How to learn CoAP in 5 minutes #IoTFriday

Welcome to the new edition of  IoTFriday at thethings.iO. Some customers and personal friends have asked us here at thethings.iO what is the best Internet of Things communication protocol? The answer is complex, because in reality it truly depends on the uses and needs of the developer. Today I would like to take five minutes and explain how to learn CoAP to everyone out there.

In the video I will explain to the listeners what CoAP is and why someone should use CoAP in their particular hardware.

What is CoAP

CoAP is defined as Contrained Application Protocol, and is a protocol intended to be used in very simple hardware. CoAp enables devices to communicate over the Internet. The protocol is especially targeted for constrained hardware such as 8-bits microcontrollers, low power sensors and similar devices that can’t run on HTTP or TLS. CoAP is a simplification of the HTTP protocol running on UDP, that helps save bandwidth.

The Internet Engineering Task Force Constrained RESTful environments (IETF CoRE) Working Group has done the major standardization work for CoAP. The core of the protocol is specified in RFC 7252, which means that CoAP is still not a standard protocol.

Two new features designed specifically for Internet of Things and M2M are:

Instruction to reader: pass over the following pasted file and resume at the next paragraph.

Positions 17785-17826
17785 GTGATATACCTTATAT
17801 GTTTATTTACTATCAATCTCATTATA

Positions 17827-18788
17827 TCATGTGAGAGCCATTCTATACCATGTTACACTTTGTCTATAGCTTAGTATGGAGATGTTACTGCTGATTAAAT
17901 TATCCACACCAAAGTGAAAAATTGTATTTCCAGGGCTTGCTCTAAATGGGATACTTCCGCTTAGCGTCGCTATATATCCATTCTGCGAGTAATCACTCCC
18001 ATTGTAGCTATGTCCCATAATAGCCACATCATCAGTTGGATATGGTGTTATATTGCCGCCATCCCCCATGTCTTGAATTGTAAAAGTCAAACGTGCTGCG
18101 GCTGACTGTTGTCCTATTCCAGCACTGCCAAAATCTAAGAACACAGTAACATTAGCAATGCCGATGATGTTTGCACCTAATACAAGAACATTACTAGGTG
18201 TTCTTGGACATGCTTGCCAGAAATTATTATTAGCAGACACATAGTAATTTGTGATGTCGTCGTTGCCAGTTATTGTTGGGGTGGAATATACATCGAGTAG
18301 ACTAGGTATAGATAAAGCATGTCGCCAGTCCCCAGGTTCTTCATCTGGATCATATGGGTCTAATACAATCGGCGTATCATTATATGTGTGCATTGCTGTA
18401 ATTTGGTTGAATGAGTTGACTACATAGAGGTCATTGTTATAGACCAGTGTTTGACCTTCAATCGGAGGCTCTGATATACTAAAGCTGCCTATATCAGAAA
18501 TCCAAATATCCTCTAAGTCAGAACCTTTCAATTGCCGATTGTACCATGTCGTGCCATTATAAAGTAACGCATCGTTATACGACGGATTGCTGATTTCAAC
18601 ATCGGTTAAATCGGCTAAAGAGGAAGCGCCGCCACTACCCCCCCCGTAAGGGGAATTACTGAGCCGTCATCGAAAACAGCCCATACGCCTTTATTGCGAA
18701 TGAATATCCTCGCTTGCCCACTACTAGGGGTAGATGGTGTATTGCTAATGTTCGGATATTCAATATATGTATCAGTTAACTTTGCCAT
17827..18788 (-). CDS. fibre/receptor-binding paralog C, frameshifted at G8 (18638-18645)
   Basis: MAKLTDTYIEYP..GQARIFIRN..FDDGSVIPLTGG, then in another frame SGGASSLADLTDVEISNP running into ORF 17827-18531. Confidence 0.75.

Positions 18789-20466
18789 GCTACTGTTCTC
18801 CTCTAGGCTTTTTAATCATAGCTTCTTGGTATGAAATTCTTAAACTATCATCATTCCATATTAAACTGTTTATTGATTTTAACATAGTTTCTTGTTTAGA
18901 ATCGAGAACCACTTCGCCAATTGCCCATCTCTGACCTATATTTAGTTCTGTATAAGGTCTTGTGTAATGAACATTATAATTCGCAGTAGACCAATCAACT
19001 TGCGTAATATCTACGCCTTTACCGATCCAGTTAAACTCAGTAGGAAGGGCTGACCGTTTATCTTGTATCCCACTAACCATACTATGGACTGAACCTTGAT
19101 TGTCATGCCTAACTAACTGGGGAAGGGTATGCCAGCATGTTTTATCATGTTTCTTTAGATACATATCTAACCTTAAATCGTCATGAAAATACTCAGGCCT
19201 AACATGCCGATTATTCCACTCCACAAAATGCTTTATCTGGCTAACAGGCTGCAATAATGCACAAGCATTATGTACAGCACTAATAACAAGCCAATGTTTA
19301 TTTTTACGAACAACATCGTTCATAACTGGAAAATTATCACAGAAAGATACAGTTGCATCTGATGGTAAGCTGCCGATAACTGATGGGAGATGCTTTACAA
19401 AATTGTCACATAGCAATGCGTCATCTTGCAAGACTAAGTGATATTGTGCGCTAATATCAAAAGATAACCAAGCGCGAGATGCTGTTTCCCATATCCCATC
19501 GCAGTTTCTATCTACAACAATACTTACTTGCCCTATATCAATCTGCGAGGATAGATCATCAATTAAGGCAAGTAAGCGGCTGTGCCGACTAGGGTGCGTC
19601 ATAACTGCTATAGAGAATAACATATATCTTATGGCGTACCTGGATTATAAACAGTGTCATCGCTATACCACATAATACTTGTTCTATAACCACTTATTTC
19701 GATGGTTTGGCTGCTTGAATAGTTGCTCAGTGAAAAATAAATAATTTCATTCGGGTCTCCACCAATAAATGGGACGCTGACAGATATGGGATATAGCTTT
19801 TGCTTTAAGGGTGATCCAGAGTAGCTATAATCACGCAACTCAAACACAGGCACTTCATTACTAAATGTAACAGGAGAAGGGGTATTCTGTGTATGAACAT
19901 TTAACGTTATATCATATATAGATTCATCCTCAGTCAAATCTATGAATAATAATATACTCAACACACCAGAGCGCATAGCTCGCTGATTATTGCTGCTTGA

• Observe at new events happened on sensors or actuators.
  • Device management and discoverability from external devices.


When to use CoAP

Some of the specific cases in which CoAP are useful are:

  • Your hardware cannot run HTTP or TLS: If this is the case then running CoAP and DTLS can practically do the same as HTTP. If one is an expert on HTTP APIs, then the migration will be simple. You receive GET for reading and POST, PUT and DELETE for mutations and the security runs on DTLS.
  • Your hardware uses battery: If this is ones problem then running CoAP will improve the battery performance when compared with HTTP over TCP/IP. UDP saves some bandwidth and makes the protocol more efficient.
  • A subscription is necessary: If one cannot run MQTT and HTTP polling is impossible then CoAP is a solution


At thethings.iO we provide a CoAP library to connect your hardware at our IoT cloud solution. Make sure to contact us to try thethings.iO CoAP protocol.

Don’t forget to follow us on Twitter and be sure to check out our #IoTFriday blog!

  • Ben Weeks

    I’d be interested to know if there has been any progress with this being more than a proposed standard now …

  • Kernbohrer

    I think there is some confusion about Internet Standards in both the article and the comment. The IETF calls its standards “Proposed Standards” until they have been around for a while. Most of the protocols running on the Internet are “Proposed Standards”. They are usually much more well-cooked than the “full standards” of other standards organizations.

  • Kernbohrer

    BTW, REST is the common principle underlying both CoAP and the two protocols called HTTP. If you can run CoAP, you already run “REST/Web”.